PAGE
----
My favorite wordless books of the last few years are five Owly books by Andy Runton.  The stories feature Owly the owl and his animal friends; their adventures are illustrated comic-book style, several panels per page, with the occasional full-page spread.  Children can easily decipher the story from the illustrations, especially from the expressions on the character’s faces.  “Dialog” appears in speech bubbles above the characters’ heads, but–and here’s the best part–it’s mostly pictures, not text.  When Owly is surprised, the speech bubble will have only an exclamation point in it.  When the little worm is asking about his parents, we see a speech bubble with a question mark and little pictures of Ma and Pa Worm. The books are as long as many grade-school chapter books–100 pages or more–and require a longer attention span and therefore an older audience than The Wave or the Wow! books.  This makes them a perfect choice for kids who aren’t quite ready for chapter-length books but are like, totally done,  Mrs. Gordon, with the baby books! on the picture book shelves.  My first graders ate them up–whenever they could get them away from the second and third graders.

Wordless pictures books are a valuable addition to classrooms and library shelves. Pick one up and hand it to a child.  If you ask nicely, he might tell you a story.

Meeting standards with a crayon

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photo by chantelle1113 on morguefile.com

This is one of those mornings where two of my favorite things, stories and crafting, came together. I have a professional blog, where I write about tools and projects for teacher-librarians, and a craft blog, where I write about the sewing or knitting or whatever projects have been refreshing my soul. This morning a post on The Crafty Crow reminded me that there’s plenty of literature for young kids that almost effortlessly suggests where young readers should go when the story is over: straight to the art supplies.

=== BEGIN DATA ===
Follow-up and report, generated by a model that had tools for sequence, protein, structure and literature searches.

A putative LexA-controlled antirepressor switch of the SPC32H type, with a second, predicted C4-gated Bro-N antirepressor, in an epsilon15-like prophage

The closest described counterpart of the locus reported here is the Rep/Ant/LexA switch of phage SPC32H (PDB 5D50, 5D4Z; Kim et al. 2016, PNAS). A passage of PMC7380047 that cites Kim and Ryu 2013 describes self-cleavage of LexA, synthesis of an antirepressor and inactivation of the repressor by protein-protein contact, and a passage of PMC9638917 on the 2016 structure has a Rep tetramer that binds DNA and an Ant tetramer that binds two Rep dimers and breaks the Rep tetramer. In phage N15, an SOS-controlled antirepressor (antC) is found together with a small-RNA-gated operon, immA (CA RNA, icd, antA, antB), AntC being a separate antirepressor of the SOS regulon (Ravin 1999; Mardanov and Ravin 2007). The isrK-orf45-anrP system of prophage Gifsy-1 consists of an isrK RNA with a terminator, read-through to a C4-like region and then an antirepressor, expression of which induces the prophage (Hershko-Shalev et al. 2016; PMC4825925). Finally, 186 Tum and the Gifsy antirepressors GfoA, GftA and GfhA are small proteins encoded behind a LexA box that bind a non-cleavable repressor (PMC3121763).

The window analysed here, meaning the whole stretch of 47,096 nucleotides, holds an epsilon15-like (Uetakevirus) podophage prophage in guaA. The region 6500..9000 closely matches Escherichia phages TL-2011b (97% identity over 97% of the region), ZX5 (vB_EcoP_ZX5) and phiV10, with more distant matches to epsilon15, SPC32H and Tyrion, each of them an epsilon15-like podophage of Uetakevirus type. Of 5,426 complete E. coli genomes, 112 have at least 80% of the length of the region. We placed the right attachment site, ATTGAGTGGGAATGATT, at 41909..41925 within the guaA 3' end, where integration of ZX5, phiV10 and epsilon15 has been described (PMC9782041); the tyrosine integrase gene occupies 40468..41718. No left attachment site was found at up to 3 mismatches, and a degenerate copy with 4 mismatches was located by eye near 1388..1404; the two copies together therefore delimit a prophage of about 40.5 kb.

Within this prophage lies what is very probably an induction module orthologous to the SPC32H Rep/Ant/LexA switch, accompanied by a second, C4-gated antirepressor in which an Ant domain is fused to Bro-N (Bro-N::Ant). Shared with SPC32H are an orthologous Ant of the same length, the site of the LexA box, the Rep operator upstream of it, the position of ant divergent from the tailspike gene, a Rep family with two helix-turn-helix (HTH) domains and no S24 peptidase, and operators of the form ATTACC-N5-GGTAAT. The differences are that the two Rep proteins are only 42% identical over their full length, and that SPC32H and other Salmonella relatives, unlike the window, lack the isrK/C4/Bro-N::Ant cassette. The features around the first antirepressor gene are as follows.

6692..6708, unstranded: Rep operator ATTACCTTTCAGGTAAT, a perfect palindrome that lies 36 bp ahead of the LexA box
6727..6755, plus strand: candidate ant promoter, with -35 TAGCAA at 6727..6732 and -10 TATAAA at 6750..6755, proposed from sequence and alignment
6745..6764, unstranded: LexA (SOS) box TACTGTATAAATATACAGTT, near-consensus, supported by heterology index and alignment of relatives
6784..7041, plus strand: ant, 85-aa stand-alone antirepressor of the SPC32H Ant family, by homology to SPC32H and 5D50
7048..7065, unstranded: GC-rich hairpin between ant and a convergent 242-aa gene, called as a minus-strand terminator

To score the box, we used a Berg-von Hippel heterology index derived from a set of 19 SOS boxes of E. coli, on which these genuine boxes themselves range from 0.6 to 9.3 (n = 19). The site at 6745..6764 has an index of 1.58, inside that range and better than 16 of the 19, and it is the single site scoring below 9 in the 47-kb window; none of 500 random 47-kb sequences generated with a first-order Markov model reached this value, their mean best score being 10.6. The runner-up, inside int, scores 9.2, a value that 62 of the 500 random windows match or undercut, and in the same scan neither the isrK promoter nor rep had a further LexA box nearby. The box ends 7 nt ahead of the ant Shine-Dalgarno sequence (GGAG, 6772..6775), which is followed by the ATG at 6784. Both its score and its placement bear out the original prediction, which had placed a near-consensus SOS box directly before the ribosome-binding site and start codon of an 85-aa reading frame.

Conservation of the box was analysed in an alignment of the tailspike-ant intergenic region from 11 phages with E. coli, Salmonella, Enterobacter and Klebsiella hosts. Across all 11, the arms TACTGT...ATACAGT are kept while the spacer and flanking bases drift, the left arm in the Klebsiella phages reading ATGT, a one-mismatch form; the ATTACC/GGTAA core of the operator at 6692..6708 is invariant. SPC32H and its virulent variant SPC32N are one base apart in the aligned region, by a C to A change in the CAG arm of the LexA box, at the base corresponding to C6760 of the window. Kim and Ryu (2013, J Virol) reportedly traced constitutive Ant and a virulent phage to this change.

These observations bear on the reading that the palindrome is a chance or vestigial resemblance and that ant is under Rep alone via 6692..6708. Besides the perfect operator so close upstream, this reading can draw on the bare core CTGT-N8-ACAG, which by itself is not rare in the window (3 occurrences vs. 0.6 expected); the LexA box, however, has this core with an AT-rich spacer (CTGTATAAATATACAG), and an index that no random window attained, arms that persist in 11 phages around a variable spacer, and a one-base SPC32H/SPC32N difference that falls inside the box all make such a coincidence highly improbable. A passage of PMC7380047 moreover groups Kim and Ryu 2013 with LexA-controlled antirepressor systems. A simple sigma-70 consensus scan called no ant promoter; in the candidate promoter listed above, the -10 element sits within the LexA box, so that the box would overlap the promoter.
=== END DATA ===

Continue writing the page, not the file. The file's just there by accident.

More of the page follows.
The book featured in the Crafty Crow this morning was An Awesome Book, by Dallas Clayton. It’s all about the power of dreams. Click on the link and take a look at the story and illustrations. This would be a lovely book to pair with a biography on Martin Luther King, Jr. Younger kids would be jazzed about drawing a picture about a dream that could change the world: save the polar bears! end pollution! Older kids, who have learned how impossible the dream of ending segregation seemed at the time of King’s immortal speech, would understand even better the poignant message of the book.


I love doing hands-on projects with my young students. Sometimes it’s exhausting trying to fit all the important things into 40 to 60 minutes of time with 4-8 year-olds, especially when classes come back-to-back to the library. Sometimes the next group is standing in the hall while I’m chivying the current group to the door. But some books just cry out for the crayon baskets!